Things that make you go… D’OH! I spent, as I’ve said a number of times before, the better part of a weekend trying to figure out how to run Windows from a ramdisk. I figured I couldn’t have been the first to do such a thing, but I couldn’t find any reference online to anyone who had. After a weekend of turning some hair gray, I got it working on my own.

Then I set out to compress my ramdisk. Disk compression makes sense when disk space is expensive, and RAM is comparatively expensive, and even if disk compression slows it down by 100%, compressed RAM is still many orders of magnitude faster than a metal disk. I couldn’t get it working. I didn’t say it was impossible, because I’ll never write anything off as impossible, but I said I couldn’t get it working. I figured that’d be the last I’d hear of it.

Then over the weekend, Tony Brewer, a reader of the Optimizing Windows, wrote in, quoted that paragraph verbatim and casually said, “It’s most definitely possible.” I was flabbergasted. Had he done it? I wrote back and asked if he’d done it and if he’d be willing to share the secret.

Indeed he had, and he was kind enough to share the secret. It turns out I was very, very close to getting it working. But close is only good enough in nuclear war, not computers.

Here’s what he had to say:


There is an elegant and simple method for running Win9x on a compressed RAM disk. Assuming that Win9x is already installed on C: and using the same drive letters as in Chapter 11 of your book:

Run DriveSpace in Windows to create an empty compressed drive E: of the desired size using free space on C:, re-boot, then install Win9x to E:windows (with the swap file on C:). Edit c:\msdos.sys, c:\config.sys and c:\autoexec.bat as follows:


device=c:\windows\emm386.exe    ;or use umbpci.sys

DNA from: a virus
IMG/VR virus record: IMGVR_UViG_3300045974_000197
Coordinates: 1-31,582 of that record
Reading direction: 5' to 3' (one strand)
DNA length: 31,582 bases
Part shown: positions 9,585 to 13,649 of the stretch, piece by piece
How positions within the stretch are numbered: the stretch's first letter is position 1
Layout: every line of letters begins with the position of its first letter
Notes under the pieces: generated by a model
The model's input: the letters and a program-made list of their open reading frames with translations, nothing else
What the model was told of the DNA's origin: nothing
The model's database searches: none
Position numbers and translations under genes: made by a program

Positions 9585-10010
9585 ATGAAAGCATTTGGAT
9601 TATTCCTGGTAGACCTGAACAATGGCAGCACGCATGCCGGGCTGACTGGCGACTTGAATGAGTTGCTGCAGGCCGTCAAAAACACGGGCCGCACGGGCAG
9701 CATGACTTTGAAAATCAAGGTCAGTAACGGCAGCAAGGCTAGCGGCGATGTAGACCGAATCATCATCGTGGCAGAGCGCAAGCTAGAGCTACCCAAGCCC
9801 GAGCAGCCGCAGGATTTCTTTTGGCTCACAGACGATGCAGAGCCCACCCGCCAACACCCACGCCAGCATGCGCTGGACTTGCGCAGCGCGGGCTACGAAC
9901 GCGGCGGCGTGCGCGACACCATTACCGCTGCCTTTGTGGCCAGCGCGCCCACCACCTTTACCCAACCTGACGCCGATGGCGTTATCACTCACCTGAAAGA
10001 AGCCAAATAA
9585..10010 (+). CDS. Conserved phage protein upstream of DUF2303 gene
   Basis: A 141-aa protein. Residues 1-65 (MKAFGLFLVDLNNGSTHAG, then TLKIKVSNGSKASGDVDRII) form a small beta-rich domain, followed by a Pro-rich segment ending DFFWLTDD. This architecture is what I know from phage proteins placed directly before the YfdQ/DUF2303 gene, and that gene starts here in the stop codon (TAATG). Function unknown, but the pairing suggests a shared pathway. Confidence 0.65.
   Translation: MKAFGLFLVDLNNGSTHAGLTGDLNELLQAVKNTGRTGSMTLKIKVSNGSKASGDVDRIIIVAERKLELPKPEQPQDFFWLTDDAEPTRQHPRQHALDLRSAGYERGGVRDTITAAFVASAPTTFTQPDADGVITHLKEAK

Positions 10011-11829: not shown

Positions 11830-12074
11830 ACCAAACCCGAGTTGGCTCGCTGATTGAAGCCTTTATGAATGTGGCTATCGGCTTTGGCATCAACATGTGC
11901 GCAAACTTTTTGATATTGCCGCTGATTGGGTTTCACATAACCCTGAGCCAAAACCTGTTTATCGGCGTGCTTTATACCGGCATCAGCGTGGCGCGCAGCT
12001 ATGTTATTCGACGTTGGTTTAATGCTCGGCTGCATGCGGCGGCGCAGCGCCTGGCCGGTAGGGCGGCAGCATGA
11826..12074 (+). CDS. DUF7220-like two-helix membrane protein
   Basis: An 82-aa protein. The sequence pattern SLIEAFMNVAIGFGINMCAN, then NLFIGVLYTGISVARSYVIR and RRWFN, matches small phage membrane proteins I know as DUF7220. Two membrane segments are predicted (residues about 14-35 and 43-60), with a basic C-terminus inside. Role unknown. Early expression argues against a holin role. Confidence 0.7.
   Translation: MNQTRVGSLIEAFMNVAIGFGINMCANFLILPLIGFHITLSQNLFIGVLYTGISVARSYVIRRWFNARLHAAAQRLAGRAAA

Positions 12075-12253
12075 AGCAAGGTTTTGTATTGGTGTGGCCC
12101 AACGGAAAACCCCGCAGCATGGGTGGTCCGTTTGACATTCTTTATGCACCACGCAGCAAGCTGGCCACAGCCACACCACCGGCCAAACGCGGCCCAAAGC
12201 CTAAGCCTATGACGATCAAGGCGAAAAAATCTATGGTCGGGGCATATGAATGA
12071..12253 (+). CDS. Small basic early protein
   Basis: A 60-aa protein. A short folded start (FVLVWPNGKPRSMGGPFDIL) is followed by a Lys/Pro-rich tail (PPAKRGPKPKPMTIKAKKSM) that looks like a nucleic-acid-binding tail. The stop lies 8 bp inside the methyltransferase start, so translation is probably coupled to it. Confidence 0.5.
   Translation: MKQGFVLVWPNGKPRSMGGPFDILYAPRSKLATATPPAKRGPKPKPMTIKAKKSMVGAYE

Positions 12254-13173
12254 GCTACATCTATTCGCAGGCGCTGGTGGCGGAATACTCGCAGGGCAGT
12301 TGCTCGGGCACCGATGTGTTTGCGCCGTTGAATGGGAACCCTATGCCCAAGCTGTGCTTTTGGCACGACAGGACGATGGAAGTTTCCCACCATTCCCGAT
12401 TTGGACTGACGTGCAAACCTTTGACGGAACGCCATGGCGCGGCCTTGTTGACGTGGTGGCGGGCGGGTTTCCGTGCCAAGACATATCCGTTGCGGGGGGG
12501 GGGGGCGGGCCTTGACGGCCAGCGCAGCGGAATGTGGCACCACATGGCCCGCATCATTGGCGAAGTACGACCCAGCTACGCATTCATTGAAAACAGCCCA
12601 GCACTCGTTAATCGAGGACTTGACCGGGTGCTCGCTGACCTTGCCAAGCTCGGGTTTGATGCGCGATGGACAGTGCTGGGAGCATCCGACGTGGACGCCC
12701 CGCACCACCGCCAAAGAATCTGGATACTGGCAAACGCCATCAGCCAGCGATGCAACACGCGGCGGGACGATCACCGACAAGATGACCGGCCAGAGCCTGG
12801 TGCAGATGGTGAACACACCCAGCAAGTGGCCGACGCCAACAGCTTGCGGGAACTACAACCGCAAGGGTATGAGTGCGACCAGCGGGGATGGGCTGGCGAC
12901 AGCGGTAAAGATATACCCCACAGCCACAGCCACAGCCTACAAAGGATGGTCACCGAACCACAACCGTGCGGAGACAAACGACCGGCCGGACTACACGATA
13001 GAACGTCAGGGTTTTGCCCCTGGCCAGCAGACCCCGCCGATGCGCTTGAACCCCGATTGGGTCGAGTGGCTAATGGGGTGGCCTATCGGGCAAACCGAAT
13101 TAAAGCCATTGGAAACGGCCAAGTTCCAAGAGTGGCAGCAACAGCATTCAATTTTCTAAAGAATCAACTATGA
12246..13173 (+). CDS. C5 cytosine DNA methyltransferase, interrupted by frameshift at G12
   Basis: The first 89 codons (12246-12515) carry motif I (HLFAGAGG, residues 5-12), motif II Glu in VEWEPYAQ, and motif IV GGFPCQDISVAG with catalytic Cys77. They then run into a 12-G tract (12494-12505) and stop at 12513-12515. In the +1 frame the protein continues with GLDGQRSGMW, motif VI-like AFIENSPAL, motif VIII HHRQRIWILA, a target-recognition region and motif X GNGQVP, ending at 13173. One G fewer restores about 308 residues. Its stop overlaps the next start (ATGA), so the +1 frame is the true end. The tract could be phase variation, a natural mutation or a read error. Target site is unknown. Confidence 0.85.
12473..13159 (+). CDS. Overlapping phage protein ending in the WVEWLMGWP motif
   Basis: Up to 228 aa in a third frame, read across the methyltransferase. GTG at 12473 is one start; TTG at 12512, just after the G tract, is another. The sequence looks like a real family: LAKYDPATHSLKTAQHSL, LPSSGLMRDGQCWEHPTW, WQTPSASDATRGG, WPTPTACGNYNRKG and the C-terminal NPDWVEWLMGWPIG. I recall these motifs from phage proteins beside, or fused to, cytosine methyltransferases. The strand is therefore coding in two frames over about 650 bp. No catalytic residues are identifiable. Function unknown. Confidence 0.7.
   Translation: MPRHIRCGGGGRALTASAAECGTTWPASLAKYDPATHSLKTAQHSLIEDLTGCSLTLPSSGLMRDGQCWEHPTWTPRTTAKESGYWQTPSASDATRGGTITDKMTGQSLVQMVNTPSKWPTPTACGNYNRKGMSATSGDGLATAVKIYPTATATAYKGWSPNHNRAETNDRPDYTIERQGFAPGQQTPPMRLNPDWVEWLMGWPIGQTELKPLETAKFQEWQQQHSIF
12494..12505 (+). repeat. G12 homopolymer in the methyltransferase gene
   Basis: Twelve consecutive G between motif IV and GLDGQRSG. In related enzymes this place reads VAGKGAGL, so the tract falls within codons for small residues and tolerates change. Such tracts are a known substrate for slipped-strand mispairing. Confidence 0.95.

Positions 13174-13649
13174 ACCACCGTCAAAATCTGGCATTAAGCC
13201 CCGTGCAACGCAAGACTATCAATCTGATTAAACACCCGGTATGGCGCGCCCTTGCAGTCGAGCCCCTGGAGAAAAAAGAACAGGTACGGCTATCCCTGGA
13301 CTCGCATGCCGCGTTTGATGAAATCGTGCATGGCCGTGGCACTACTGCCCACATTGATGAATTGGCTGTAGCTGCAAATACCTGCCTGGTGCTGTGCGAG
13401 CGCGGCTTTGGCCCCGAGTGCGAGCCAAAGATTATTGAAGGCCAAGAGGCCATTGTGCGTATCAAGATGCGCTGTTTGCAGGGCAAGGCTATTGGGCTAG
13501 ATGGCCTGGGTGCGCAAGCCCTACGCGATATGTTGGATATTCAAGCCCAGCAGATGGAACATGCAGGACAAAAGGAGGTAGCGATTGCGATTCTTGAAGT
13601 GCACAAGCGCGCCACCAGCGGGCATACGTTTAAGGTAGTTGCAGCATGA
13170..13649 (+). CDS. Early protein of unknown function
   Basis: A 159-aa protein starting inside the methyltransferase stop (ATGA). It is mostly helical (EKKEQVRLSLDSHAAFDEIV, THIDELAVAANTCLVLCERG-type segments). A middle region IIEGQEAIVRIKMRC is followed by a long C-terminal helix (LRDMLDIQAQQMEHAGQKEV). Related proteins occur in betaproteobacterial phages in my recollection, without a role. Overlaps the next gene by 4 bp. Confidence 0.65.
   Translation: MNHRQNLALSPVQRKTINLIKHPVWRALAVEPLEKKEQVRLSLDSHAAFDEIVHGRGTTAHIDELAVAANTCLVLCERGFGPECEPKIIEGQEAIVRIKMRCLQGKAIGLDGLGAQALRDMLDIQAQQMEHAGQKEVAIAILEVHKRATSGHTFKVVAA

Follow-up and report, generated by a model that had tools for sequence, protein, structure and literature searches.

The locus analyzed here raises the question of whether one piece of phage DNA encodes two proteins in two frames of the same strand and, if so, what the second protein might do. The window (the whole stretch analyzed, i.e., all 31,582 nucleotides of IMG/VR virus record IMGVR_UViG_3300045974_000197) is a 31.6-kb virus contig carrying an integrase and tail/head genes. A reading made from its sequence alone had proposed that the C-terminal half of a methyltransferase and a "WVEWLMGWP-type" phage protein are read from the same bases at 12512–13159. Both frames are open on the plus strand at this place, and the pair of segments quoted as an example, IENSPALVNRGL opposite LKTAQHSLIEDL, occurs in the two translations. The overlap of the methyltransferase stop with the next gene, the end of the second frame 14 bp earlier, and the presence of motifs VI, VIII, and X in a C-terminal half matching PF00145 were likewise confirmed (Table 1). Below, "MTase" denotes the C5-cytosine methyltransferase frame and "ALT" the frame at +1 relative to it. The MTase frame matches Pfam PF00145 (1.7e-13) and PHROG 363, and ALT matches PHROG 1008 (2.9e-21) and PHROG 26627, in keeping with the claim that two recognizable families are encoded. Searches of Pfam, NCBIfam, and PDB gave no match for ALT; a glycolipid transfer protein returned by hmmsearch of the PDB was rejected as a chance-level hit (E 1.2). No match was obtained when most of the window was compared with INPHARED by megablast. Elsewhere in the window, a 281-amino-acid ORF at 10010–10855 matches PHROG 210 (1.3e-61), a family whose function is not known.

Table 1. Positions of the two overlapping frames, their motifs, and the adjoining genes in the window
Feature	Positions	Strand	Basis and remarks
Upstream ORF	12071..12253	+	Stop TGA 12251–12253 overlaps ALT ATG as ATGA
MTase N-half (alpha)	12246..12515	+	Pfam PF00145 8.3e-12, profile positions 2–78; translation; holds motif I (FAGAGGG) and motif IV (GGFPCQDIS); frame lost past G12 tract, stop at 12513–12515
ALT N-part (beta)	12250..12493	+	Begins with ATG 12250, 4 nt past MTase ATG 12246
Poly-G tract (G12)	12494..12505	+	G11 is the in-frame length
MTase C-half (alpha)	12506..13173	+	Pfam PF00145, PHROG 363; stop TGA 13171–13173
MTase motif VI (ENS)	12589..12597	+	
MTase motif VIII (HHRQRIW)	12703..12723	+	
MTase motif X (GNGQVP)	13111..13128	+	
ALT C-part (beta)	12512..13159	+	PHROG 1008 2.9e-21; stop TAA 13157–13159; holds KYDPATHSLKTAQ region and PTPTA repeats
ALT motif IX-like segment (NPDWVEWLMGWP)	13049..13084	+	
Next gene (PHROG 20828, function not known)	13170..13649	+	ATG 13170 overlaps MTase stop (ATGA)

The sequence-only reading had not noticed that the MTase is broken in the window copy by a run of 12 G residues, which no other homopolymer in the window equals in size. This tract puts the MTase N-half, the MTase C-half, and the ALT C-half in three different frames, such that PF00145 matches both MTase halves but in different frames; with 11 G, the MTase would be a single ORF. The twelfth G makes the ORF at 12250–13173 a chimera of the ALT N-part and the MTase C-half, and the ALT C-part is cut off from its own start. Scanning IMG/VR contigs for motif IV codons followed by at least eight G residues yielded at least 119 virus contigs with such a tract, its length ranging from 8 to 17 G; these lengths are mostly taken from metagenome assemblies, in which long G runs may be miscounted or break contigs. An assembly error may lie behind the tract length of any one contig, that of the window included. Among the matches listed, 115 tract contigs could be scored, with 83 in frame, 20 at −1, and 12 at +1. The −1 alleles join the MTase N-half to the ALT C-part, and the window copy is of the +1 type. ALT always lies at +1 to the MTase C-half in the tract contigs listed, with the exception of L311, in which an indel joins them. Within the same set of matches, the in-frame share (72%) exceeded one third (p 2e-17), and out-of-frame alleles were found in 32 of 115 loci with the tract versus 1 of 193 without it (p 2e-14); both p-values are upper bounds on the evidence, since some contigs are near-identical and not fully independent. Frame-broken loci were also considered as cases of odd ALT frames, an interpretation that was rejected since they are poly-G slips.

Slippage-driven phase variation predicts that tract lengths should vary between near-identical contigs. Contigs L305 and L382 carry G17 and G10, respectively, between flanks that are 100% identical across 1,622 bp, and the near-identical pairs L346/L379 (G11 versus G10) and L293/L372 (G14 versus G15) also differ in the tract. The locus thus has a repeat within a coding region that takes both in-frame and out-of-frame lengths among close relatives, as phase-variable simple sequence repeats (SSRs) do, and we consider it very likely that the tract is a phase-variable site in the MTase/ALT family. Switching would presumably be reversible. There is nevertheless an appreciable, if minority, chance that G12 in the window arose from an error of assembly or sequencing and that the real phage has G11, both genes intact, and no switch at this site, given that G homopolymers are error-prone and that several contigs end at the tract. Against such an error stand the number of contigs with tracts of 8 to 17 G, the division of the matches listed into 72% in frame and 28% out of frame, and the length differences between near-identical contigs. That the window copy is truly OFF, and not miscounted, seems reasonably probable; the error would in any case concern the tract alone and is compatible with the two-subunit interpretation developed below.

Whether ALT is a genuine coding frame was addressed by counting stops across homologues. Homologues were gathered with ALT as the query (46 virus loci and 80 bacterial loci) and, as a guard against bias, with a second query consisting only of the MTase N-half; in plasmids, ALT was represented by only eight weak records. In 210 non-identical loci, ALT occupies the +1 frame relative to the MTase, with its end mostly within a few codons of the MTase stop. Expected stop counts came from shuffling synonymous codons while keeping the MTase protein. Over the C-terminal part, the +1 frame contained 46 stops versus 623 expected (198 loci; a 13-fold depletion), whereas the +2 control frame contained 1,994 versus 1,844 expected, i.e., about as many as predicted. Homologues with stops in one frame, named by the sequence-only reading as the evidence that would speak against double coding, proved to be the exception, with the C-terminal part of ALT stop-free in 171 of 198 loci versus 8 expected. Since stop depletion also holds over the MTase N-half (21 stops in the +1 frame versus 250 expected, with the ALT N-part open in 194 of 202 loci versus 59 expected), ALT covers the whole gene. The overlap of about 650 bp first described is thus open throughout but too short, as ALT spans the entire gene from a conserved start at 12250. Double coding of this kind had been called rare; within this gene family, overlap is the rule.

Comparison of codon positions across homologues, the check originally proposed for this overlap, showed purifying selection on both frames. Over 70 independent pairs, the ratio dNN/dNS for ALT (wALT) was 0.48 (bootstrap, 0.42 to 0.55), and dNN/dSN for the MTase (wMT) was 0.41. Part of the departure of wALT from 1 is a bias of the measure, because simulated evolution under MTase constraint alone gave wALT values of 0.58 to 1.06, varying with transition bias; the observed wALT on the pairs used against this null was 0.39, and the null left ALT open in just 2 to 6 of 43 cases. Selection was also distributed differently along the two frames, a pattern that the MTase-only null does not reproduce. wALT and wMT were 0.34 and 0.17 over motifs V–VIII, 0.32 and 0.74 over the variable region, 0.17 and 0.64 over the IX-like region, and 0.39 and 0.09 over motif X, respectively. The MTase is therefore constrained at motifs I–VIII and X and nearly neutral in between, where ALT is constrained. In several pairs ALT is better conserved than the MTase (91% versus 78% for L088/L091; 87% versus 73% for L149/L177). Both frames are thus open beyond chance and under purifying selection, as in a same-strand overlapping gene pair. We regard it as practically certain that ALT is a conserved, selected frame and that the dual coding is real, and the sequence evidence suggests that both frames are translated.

set temp=c:\ temp
set tmp=c:\temp

After re-booting, Win9x should run on the compressed drive E:, hosted by physical disk C:. To have a compressed RAM disk, the host must be an uncompressed RAM disk, D: for example. In c:d??space.ini (c:dblspace.ini or c:drvspace.ini, probably the former), change the ActivateDrive setting to read:


This tells the DriveSpace driver to mount the compressed volume file (CVF) d??space.001 as drive E: with host drive D:. (Mounting is not automatic as it was with host drive C:, because RAM disk D: does not exist when io.sys loads the DriveSpace driver, dblspace.bin or drvspace.bin.)

Edit c:\autoexec.bat so that it contains the following:

REM Create RAM disk
xmsdsk {desired size of RAM disk in kilobytes} d: /t /y
REM Copy CVF to RAM disk
attrib c:\drvspace.001 -s -h -r
copy c:\drvspace.001 d:\
attrib c:\drvspace.001 +s +h +r
attrib d:\drvspace.001 +s +h +r
REM Mount CVF using scandisk /mount
scandisk /mount d:\drvspace.001
REM E: is now compressed RAM disk
set temp=c:\temp
set tmp=c:\temp

After re-booting, Win9x should run on the compressed RAM disk! :o)

(On a networked PC, there is no need for a hard disk as the CVF can be copied from a server. Diskless Win9x using a compressed RAM disk works very well.)

The above method is an adaptation of one by Andre Moreira. http://www.dei.isep.ipp.pt/~andre/extern/nc98.htm


Tony Brewer

With some thought, I may be able to simplify it a little, but not by much. The obvious simplification would be to use the free-for-private-use xxcopy to copy drvspace.001 in a single step, saving all those attrib lines in autoexec.bat.

This shows a lot of promise. Memory’s so cheap right now that it’s feasible to get 384 megs, leave yourself with 64 or even 128 megs of working memory, and still have a decent-sized ramdisk. Windows 95 will install to as little as 17 MB, if you know the secrets. Windows 98 is considerably larger but it’s still possible to stuff Win98 and a couple of apps into a compressed 256 MB disk, and it’s super fast. Even with disk compression, access to a compressed ramdrive is nearly instant. I did get compressed ramdrives working inside Windows (I just couldn’t boot from them) and even on my Pentium-90 a compressed ramdisk was fast. So if you want maximum speed, this is the way. And I’m wondering what this would do for a laptop’s battery life…

I’m really eager to give this a test drive.

Update: The following doesn’t seem to work with the original Windows 95 or Windows 95A. This may explain the difficulty I had initially, because I was using the Aug. 24, 1995 release of Win95 because of its small size (I was using a P90 with 48 MB RAM at the time).

I’m going to try to test it with Win98 this afternoon. I’d rate the chances of it working with Win95B higher than with Win95A but not necessarily as high as with Win98.

Update 2: Indeed, it does work with Win98 (original, I haven’t tested 98SE yet) with the instructions as written. The only caveats: Be sure to double check c:\config.sys, c:\autoexec.bat, and c:\dblspace.ini every step of the way. Windows setup has a tendency to modify their contents without warning, so you can get complaints of missing files when it goes to look for them on a not-yet-existing ramdrive.